697 F. Supp. 835, 844 (E.D. Pa. 1988).

Merrill Lynch adduced evidence at arbitration showing that the information the broker withheld
lacked materiality. The record indicates that the defendant was an experienced investor who had
previously established risky positions in various commodities, including lumber futures. Further,
there is evidence that during the transactions at issue the defendant was privy to considerable
information concerning the lumber market. Merrill Lynch sent the defendant weekly
commodities reports containing information that was negative toward "shorting" lumber futures.
Also, readily available commentary and information in the media cast doubt on the soundness of
his strategy. In addition, the defendant frequently discussed the lumber market with his Merrill
Lynch broker, who testified he related to the defendant all pertinent information gathered by the
Merrill Lynch research department. The broker further testified that he withheld only the
subjective commentary of the senior strategist because he did not know whether the strategist
was sufficiently experienced in the lumber market to be deemed reliable. As evidence of yet
another source of information, a broker with a different investment firm testified that he provided
the defendant with information he obtained from his office regarding the lumber market. The
defendant testified that he was aware of the lumber market's volatility, as well as objective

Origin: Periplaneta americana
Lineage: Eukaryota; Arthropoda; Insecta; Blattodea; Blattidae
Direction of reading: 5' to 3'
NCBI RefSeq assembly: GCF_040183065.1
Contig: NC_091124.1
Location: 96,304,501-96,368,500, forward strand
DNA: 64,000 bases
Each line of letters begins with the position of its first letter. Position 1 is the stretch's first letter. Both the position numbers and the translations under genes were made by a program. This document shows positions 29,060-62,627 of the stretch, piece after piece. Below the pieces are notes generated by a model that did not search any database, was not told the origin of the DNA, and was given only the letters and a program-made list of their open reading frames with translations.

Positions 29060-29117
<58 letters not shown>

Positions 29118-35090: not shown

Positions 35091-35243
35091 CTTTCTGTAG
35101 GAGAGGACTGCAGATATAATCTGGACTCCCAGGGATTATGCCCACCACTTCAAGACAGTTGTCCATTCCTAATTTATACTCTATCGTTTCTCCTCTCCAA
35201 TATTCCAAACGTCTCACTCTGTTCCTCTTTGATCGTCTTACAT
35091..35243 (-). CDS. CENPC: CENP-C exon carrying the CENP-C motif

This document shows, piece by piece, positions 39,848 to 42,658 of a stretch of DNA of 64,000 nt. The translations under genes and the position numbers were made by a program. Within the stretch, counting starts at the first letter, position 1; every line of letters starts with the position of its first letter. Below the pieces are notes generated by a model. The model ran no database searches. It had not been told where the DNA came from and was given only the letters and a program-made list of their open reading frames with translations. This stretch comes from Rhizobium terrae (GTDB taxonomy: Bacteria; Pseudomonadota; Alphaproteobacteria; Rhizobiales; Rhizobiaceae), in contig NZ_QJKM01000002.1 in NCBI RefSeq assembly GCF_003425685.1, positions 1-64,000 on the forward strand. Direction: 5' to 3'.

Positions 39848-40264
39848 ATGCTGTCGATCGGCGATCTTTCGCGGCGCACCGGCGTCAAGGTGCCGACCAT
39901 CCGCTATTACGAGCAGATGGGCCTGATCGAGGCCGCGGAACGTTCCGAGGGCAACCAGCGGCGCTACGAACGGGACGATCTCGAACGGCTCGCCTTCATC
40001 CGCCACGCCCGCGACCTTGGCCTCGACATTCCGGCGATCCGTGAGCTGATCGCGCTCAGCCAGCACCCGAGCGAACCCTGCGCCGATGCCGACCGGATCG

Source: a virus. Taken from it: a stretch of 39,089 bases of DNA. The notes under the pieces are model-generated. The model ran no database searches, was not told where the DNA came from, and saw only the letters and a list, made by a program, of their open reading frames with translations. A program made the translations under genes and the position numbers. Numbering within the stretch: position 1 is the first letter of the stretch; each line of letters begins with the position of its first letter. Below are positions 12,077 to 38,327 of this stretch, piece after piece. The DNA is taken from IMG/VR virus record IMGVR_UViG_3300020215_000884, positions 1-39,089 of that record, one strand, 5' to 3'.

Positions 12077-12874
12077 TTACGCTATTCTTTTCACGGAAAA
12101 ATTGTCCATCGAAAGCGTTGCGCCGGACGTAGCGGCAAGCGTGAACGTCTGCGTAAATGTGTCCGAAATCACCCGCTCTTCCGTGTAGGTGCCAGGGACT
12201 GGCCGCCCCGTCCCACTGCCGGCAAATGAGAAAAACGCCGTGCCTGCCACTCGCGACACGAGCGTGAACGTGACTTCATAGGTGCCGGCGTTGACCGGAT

factors potentially responsible for the upward movement of lumber prices. Despite his
knowledge, he continued to invest in lumber futures.

In light of this evidence, the arbitrators could have found that the commentary withheld by the
defendant's broker was consistent with information the defendant already knew but had chosen to
disregard. See Balfour Maclaine, 697 F. Supp. at 844. The arbitrators, therefore, could have
concluded that even if the Merrill Lynch strategist's commentary had been disclosed, it would
not have been substantially likely to have been a significant deliberative factor to a reasonable
investor with the defendant's knowledge, experience, and proclivity for risk-taking. The claim of
commodities fraud could have failed at arbitration on this basis alone. We do not reach the
defendant's claim of common law fraud because it was not argued before the superior court and
is therefore not preserved for appellate review. Holyoke Mutual Ins. Co. v. Carr, 130 N.H. 698,
699, 546 A.2d 1070, 1071 (1988).

The defendant next argues that the arbitrators committed "plain mistake" in not finding Merrill
Lynch negligent for failure to properly liquidate his account. We disagree.

The defendant contends that Merrill Lynch's customer agreement and various provisions of
Merrill Lynch's internal policy manuals established a duty to liquidate his account as soon as he
indicated that he could not meet further margin calls. Had Merrill Lynch liquidated according to
its own rules, argues the defendant, some of his losses would have been averted. The customer
agreement and the cited internal policy manual provisions reveal that Merrill Lynch was not
obligated to liquidate the defendant's account for his protection because Merrill Lynch's right to
liquidate is solely for its own protection. First, the customer agreement states that "Merrill Lynch